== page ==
Russian watchdog accuses PepsiCo of commercial espionage

nsnbc : Russia’s State agricultural watchdog Rosselkhoznadzor has accused PepsiCo this week of stealing its internal documents and engaging in alleged commercial espionage.

PepsiCo Moscow_Russia_Thomas Jordan - Flickr (CC BY-ND 2.0)

PepsiCo Moscow, courtesy Thomas Jordan – Flickr (CC BY-ND 2.0)

The scandal broke on Monday when State watchdog Rosselkhoznadzor published a report on its website claiming that the American multinational PepsiCo illegally obtained access to its internal service documents.

Rosselkhoznadzor states that it learned of the crime when a PepsiCo executive showed a copy of a document marked for “internal use” at a meeting with the agency. “The document was not sent to PepsiCo,” Rosselkhoznadzor’s report read. “This fact indicates that the American company uses illegal methods of obtaining information from government agencies.”

Rosselkhoznadzor representative Yulia Melano told the RBC business portal on Tuesday that the document gave PepsiCo a competitive advantage over other companies in Russia.

PepsiCo rejects the accusations. On Tuesday, Pepsi’s Vice President Sergei Glushkov, the executive cited in the report, answered the allegations saying that PepsiCo “categorically rejects the absurd assumptions of Rosselkhoznadzor,” Glushkov was cited as saying by RBC. “They do not have any grounds for the claim,” he added.

However, the scandal broke actually late last month already, when the state agency said it found antibiotics in the cheese of one of PepsiCo’s subsidiaries and prohibited it from being sold. PepsiCo denied the claims and said it was considering legal action. “We are considering turning to law enforcement agencies and the court to protect our legal interests,” Glushkov was cited as saying by the Interfax news agency at the time. Russia’s Minister of Agriculture Alexander Tkachev told journalists on Wednesday that the conflict would be resolved soon, RBC reported. “[The conflict] will be exhausted in the coming days, and maybe even hours,” he said.

However, the scandal broke – arguably – already last month when a Russian lawmaker insisted that the “foreign agent” media scandal should be turned into a food fight – seriously.

Image, McDonalds

Image, McDonalds

No more than 72 hours had passed in late November 2017, since Russian legislators pushed through legislation that could see international media outlets be designated as foreign agents, when a Russian lawmaker suggested that Russia also should set its sights on American fast food chains, thus turning the row over State and corporate, state-influenced propaganda into a food fight.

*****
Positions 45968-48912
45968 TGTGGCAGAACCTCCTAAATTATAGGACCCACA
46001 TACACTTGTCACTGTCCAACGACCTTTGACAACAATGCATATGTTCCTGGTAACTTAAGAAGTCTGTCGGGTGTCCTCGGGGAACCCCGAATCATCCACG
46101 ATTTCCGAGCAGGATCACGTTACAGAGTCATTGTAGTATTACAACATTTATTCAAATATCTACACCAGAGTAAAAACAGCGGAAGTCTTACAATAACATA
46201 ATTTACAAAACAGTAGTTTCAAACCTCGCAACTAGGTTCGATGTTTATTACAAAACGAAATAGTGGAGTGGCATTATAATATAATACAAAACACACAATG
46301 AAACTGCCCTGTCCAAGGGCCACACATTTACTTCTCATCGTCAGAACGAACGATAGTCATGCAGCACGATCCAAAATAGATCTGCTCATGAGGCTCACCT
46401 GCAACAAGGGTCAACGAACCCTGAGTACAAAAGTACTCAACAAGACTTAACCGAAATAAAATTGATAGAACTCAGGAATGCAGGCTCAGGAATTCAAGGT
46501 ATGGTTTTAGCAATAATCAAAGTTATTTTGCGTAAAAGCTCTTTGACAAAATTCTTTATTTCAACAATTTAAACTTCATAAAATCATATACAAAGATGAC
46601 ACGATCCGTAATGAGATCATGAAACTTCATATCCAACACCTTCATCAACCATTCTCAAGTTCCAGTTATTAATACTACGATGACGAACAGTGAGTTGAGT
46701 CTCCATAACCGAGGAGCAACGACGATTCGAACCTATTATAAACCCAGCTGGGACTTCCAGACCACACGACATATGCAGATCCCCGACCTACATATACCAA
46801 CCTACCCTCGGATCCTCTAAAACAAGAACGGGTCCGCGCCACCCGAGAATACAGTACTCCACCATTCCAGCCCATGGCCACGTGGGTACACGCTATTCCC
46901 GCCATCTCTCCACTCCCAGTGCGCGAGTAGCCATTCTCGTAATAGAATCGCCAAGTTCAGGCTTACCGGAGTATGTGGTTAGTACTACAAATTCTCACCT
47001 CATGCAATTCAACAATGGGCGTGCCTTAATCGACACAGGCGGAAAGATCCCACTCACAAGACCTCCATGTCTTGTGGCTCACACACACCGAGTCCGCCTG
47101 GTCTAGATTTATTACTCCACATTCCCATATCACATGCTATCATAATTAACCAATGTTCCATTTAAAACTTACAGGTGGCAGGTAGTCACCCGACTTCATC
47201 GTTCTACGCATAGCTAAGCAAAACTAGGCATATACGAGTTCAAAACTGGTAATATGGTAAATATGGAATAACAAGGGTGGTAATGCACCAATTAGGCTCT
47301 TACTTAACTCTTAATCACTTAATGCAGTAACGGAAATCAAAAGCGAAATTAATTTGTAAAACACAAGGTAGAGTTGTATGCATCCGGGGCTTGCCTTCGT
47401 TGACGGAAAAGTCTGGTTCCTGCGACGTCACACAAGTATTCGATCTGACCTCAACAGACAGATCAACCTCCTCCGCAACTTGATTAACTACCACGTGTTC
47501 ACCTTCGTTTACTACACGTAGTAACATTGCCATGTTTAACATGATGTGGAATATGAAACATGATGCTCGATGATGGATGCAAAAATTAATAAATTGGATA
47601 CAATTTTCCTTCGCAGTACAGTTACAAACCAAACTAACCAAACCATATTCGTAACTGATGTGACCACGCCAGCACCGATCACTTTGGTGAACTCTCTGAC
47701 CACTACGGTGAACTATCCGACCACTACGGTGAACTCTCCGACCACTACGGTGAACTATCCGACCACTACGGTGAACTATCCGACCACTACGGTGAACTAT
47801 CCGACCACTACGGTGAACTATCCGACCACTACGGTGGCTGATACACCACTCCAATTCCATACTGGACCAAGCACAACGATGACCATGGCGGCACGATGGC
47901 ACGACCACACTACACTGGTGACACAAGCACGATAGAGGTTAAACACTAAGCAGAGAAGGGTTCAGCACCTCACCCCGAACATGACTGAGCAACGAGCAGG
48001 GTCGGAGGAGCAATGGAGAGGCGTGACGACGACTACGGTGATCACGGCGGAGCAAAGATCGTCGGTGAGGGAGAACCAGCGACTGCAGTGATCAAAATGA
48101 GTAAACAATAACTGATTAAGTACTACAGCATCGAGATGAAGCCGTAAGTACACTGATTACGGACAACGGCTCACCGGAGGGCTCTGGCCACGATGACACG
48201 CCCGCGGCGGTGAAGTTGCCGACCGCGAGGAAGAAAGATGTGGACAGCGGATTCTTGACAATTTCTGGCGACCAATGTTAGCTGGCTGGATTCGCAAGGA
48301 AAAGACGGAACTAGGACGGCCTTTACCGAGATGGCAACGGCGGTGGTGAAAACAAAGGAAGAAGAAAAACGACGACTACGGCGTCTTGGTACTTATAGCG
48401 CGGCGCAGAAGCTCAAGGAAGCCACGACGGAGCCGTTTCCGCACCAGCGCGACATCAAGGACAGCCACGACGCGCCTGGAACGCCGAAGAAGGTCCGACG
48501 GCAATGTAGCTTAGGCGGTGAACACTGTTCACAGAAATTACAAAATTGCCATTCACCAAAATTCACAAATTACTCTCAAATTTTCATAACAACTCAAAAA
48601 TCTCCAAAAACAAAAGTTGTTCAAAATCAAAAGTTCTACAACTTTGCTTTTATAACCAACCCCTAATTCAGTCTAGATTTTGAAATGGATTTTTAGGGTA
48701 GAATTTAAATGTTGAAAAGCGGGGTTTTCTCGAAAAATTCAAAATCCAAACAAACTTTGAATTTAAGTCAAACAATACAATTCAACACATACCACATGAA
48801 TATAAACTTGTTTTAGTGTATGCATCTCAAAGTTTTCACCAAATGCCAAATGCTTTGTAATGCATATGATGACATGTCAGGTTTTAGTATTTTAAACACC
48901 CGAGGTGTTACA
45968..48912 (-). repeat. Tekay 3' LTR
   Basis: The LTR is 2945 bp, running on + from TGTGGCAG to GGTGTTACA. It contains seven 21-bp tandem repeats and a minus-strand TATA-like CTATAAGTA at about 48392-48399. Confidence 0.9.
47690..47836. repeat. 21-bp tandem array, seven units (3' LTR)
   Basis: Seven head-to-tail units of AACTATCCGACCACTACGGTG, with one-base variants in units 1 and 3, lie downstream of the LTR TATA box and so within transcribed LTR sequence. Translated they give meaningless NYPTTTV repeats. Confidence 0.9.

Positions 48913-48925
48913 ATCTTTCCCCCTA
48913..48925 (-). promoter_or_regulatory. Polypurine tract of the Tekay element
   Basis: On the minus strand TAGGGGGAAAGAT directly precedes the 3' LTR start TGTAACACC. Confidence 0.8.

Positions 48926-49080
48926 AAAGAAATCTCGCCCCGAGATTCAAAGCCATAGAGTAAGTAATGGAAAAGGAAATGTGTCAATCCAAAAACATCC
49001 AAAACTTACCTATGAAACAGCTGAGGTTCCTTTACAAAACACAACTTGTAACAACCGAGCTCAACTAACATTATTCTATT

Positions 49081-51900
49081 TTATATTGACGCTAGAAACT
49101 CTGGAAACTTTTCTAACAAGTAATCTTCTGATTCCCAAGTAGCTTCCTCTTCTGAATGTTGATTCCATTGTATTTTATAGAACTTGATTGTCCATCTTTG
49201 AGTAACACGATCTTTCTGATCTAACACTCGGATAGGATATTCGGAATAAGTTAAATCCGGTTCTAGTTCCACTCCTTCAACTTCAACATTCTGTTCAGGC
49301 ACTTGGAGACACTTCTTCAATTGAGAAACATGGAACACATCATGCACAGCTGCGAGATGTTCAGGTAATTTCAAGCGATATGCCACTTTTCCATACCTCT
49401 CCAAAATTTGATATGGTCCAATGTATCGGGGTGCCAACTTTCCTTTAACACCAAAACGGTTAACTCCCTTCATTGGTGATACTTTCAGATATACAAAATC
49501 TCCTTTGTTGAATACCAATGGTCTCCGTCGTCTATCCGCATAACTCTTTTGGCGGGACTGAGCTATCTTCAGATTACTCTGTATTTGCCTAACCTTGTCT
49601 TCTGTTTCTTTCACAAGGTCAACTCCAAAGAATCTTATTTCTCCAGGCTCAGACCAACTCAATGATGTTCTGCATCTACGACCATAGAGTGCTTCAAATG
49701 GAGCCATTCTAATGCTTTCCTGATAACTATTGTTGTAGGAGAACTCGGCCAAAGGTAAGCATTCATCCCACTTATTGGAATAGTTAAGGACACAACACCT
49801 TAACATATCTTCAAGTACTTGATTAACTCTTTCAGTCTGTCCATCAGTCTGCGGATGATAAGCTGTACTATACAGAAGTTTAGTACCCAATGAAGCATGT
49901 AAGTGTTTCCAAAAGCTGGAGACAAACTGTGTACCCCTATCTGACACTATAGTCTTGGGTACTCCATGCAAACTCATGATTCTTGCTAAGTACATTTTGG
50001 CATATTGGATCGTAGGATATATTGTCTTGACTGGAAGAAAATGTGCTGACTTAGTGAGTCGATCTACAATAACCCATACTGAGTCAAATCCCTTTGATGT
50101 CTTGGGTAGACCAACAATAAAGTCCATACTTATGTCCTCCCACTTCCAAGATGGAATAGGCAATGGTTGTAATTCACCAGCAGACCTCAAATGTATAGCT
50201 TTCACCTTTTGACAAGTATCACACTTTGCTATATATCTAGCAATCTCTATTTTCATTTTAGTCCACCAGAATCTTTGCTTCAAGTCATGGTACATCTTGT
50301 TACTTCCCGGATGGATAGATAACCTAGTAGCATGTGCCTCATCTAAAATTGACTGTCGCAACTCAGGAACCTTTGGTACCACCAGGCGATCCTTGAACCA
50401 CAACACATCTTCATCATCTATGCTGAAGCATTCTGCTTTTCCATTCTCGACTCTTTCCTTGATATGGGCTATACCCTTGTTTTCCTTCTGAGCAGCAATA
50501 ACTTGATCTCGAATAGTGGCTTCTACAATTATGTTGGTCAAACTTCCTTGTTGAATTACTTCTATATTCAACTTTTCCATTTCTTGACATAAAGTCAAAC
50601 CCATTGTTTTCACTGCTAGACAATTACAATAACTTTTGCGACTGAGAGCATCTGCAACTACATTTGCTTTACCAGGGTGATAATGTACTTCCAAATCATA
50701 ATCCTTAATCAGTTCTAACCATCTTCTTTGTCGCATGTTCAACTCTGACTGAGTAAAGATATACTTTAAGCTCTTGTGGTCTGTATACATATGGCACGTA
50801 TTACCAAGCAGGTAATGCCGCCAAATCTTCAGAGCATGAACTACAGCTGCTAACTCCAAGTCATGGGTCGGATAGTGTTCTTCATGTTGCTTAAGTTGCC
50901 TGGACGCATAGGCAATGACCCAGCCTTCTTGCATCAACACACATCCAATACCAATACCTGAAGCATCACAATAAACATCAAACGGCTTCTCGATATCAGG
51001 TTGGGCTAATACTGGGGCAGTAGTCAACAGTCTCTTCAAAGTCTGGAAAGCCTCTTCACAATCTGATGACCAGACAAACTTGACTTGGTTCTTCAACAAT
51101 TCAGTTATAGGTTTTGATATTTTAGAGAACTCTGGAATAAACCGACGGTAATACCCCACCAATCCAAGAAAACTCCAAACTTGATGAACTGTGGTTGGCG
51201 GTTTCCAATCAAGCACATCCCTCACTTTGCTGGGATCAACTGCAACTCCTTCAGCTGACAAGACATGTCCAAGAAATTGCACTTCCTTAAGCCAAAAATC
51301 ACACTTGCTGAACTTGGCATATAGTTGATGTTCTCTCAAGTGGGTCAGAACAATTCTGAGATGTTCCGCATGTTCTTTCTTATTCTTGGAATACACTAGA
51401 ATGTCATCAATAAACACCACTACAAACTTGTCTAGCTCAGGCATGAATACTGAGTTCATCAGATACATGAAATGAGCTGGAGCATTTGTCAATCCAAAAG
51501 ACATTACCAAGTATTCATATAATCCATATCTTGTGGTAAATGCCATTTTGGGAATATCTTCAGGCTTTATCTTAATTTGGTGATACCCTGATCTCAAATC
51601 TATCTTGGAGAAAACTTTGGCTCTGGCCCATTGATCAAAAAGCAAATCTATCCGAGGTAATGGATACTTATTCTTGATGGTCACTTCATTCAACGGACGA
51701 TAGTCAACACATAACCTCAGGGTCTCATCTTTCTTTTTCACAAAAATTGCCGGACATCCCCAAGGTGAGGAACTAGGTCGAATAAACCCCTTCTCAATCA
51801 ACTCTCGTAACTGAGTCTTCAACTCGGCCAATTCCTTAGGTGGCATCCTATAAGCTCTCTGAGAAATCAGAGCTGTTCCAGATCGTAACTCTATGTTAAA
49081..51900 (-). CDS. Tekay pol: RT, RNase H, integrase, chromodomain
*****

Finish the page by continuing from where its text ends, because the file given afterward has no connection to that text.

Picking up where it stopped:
Russian lawmakers responded to the United States designating State broadcaster Russia Today as a foreign agent. Legislators in Moscow retaliated by adopting legislation that could see major foreign broadcasters such as CNN, Voice of America, and many others designated as foreign agents.

Russia’s parliament overwhelmingly passed amendments last month that allow the government to label news outlets funded from abroad “foreign agents.” The bill, which President Vladimir Putin is expected to sign into law, was adopted by an overwhelming majority.

However, State Duma (lower house of parliament) Deputy Boris Chernyshov, a member of the Liberal Democratic Party (LDPR) apparently wants to spice the propaganda war by adding a food fight.

Chernyshov suggested that food chains like McDonalds, KFC, and other American fast food restaurant chains operating in Russia should also be designated as foreign agents. Cheryshov didn’t specify whether the receipts and food wrappers should have printed a “served to you by a foreign agent” label.

However, Chernyshov told the RBC business portal that he had sent a letter to Russia’s food and media watchdog proposing that ads for the fast food chains be marked as belonging to a foreign agent.

The next step, he suggested, would be to include fast food chains in the foreign agent registry. “Research has shown that food sold by American fast-food restaurants is damaging to people’s health,” Chernyshov said. “But ads show only the positive side of consuming these products.” Chernyshov was cited by Russian media on Friday criticizing the chains for contributing to the decline of Russian cuisine.

Some critics of Chernyshov’s proposal say McDonalds food is so crappy that they probably would see a foreign agent label imposed on them as free – James Bond-style advertising. Russian authorities have apparently achieved that PepsiCo now can brand itself as “Spy in Russia”, something that almost sounds as sexy in an ad as “This bottle contains a foreign agent” one that’s “alien” to the body.

CH/L – nsnbc 06.12.2017

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